Trixy's picture

I have to move out pretty quickly here (see my latest post in "A Baby in the Mix"), and since I have never had to go out on my own before, I was wondering if anyone had any tips.  I have a couple places I can stay temporarily while I find my own place, but once I move into an apartment of my own...  I will have nothing in terms of practical belongings to speak of.  I don't have any furniture of my own...  I don't even have dishes.  Yipes!

damn if i would have joined like 2 weeks earlyer i would have been able to set you up with most of what you needed we had a full apartments worth of stuff we had to take to goodwill  cause were living in a  rv park right now we have to dogs and couldnt find a house or apartment to move in  to that and its pretty cheap free cable power water and its only 380  if we find anything  that we still have left and dont need ill let you know

I can further vouch for this method.  When I was studenting in Peterborough, many of us furnished our houses with foundling couches/chairs/kitchen tables. 

Other things student living taught me about living on a budget:

Milk crates were also common furnishings for those just starting out.  Good for book shelves, cubby holes, table bases.  An extra set of bed sheets makes a passible curtain.  Having no television is an excellent opportunity to catch up on reading.  Good friends and a deck of cards is an excellent, low-cost form of entertainment.  Bars often comp sodas to designated drivers.  When shopping for groceries, pasta and rice are cheap but filling (Kraft Dinner is more expensive than you might think - all that butter and milk).  An apple a day helps keep scurvy away.  Though I didn't drive, I had friends that did, and periodic gas money collection was not unheard of.  Further cut down on gas by walking everywhere possible.  Who needs a gym membership when you can carry six bags of groceries for 4 kilometres. ;)  I lived in sublets for three summers.  They are considerably cheaper than other accomodations, but you do have to move more often.  I moved over ten times between the ages of 20 and 26.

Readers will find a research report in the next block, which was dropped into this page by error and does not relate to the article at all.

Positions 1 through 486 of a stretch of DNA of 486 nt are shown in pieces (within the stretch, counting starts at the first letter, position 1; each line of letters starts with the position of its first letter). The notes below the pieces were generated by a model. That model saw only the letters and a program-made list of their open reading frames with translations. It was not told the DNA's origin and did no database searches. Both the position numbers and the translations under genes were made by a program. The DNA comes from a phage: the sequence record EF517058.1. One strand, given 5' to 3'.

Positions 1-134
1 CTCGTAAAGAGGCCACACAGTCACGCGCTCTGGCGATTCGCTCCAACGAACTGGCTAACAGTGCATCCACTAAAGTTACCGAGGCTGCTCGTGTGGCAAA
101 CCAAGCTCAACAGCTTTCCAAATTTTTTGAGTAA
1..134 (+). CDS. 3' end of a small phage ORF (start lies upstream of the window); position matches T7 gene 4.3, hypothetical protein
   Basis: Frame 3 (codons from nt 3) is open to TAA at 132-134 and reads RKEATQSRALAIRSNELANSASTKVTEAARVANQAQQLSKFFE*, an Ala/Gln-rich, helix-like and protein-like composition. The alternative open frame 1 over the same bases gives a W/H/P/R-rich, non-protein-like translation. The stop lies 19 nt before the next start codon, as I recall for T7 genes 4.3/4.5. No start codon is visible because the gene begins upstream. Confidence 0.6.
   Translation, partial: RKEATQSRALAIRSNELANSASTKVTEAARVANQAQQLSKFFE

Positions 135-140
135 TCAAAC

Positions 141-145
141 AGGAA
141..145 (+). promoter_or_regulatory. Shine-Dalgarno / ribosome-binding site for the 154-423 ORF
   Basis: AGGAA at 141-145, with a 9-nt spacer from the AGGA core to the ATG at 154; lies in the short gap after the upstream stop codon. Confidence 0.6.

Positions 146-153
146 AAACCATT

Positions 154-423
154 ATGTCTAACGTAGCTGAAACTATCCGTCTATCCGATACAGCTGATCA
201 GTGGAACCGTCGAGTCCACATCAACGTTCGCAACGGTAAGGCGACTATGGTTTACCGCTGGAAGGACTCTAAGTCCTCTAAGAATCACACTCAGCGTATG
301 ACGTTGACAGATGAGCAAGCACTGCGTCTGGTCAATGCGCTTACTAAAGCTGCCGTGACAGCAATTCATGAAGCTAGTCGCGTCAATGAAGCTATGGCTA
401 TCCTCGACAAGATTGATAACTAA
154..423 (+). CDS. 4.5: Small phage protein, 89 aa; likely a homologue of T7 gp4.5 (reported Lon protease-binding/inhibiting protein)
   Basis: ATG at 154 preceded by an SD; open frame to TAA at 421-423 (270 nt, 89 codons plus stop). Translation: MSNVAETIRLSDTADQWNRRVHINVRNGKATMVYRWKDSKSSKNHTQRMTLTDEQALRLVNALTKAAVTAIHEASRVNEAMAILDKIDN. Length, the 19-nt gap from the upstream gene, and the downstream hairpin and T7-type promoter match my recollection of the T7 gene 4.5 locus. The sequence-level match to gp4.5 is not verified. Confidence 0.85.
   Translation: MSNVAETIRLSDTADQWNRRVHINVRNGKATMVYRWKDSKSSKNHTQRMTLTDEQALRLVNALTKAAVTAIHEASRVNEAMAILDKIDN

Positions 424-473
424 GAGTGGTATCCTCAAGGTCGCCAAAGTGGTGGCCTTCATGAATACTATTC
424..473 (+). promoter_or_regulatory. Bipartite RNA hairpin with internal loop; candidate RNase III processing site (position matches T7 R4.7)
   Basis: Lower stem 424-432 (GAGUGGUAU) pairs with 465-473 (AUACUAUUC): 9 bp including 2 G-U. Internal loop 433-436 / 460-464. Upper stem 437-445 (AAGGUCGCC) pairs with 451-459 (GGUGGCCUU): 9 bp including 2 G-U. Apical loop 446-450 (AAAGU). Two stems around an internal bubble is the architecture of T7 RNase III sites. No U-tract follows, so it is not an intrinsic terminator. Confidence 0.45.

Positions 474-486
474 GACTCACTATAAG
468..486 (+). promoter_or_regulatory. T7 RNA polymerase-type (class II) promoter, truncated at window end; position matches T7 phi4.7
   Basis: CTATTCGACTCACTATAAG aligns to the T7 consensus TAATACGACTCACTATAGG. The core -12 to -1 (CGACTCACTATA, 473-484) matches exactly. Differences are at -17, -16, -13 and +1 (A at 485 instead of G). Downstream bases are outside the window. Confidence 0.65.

When my brother first moved out to BC (in the late 80s), all his cutlery was plastic and supplied by KFC.  It may take a couple of orders, but you will eventually have a full set.

I know you probably won't need much of this, but it can give you an idea of how some people manage.

Good luck once again.

Another slightly bizarre trick for new furniture that some of my friends employed in Victoria when we were all fresh out of high-school (I didn't have a furniture problem then since my father, who was an upholsterer, was still alive) was to find out when the oversize garbage day is for the swankiest neighbourhood (there is usually one a month) and then to scour said neighbourhood for perfectly good furniture thrown out because someone is redecorating. Some of the things that people scored were utterly amazing.

Having done a fair bit of apartment hunting, I do have a few tips to watch out for that some people overlook. keep these in mind of you're looking at apartments. (if not, just ignore this whole post)

First off, find out about the lease agreement. Is it monthly, 6 months, 1 year? Consider how long you plan to be there. The best option is usually month-by-month, but those places are a little harder to find.